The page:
4.5.2 Substantive knowledge(s)

4.6 Conclusion

There are multiple substantive forms of English. Metacognitive engagement with the various substantive manifestations of subject is essential for teachers: each version of the subject encodes its own implied relationship between teachers and learners (Knights, 2005) as well as between readers and texts. This is an area of subject knowledge teachers find difficult to engage with, as it is frequently a tacit feature of subject constructs. It is important, however, that this issue is addressed. Teachers’ roles in exploring substantive formations of subject are frequently synthetic. These substantive modes of subject, and fruitful dialogues between them, can effectively be approached through higher education.

The development of effective teacherly knowledge through CPD is, therefore, a complex and interactive process. According to Grossman, Wilson & Shulman (1989), it is:

The importance of such substantive frameworks within the curricular formation of English is forcibly argued by Bluett et al (2004). They identify in the lack of coherent theoretical underpinning, a significant weakness in English at school level. Teachers need to be alert to the substantive foundations on which the school curriculum is built and how this connects (or fails to connect) with their academic studies.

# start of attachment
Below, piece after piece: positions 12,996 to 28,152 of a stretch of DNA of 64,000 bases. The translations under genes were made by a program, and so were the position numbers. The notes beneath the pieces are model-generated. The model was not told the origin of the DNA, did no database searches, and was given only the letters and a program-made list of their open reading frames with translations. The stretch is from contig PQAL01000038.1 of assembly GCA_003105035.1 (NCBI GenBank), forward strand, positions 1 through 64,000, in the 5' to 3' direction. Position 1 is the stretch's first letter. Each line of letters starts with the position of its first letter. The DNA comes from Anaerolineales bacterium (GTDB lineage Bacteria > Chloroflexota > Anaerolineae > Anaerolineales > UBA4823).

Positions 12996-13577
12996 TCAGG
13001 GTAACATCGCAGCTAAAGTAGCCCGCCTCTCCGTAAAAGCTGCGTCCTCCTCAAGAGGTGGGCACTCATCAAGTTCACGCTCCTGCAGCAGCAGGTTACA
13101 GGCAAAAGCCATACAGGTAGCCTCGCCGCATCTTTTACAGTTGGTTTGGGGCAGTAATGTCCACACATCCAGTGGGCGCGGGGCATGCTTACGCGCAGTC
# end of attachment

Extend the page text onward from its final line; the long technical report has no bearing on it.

4.5.3 Syntactic knowledge This relates to the tools and forms of inquiry in English and is an area that higher education is particularly well placed to address. This is an aspect of subject knowledge with which teachers are often less familiar and confident. Again it is a fundamental aspect of subject formation in their development as teachers. It deals with canons of knowledge, the formation of evidence and proof accepted within the discipline and the ways in which new knowledge is brought into the discipline. Such dimensions of subject knowledge in other words underpin not only study prior to teaching, but also form a key aspect of the abilities they are seeking to develop in their students. This is subject not as